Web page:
Dante Gabriel Rossetti


'Honoured among painters as a painter
And among poets as a poet'


D.G. Rossetti is buried in the Parish Church, Birchington, Kent, England.

Gravestone of Dante Rossetti

His gravestone is a large celtic cross, made by his old friend Ford Madox Brown. Inside the church there is a stained glass window commemorating the Pre-Raphaelite Brotherhood. It was designed by Frederic Shields and was based on one of Rossetti's own paintings.

Rossetti was the son of Gabriele Rossetti and grew up in a highly charged cultural and political household. (His sister Christina Rossetti was also a poet.) He was educated at King's College School in London and then studied art with Millais and Holman Hunt. In 1848 he helped to found the Pre-Raphaelite Brotherhood.

In 1862 Rossetti's wife Lizzie Siddal died and was buried at Highgate Cemetery in London along with a small book of his poetry.  Six years later,  when Rossetti's interest in poetry had grown, he made an application to the Home Secretary to have her grave opened in order to retrieve the book. The grey leather bound book was found intact but saturated.

Rossetti also lived for some time at 16, Cheyne Walk in Chelsea - where he shared his accommodation with a menagerie including peacocks, kangaroos and wombats. A.C.Swinburne was also a  joint tenant for a short period.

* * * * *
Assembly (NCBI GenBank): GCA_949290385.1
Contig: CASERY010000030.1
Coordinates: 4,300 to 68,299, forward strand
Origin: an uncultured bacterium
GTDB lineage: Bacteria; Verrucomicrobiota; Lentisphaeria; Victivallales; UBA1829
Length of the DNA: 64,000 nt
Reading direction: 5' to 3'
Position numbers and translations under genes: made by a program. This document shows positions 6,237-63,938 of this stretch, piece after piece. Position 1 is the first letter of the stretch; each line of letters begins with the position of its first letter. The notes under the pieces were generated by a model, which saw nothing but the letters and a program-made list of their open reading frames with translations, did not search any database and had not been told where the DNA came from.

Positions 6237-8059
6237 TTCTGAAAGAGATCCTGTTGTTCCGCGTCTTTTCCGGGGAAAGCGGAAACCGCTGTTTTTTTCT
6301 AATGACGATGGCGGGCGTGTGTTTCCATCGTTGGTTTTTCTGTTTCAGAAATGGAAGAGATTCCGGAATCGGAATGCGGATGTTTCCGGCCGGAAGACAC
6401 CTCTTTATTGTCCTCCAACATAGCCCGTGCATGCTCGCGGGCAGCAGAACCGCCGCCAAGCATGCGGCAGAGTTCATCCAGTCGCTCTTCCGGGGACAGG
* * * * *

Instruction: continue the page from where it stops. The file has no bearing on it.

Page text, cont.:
William Morris famously said of him that: 'Sometimes Rossetti was an angel, and sometimes he was a damned scoundrel.'  Morris apparently condoned Rossetti's affair with his wife Jane. (She frequently modelled for Rossetti.)

Rossetti spent the last few months of his life in Westcliff Bungalow, Birchington where he went to convalesce following a seizure which left him partially paralysed. He was in severe debt when he died and his funeral was paid for by his immediate family.

There are also memorials to Rossetti in Hastings and on the Embankment in London.

Dante Rossetti (self portrait)

I have been here before,
   But when or how I cannot tell:
I know the grass beyond the door,
   The sweet keen smell,
The sighing sound, the lights around the shore.

From Sudden Light (complete poem)






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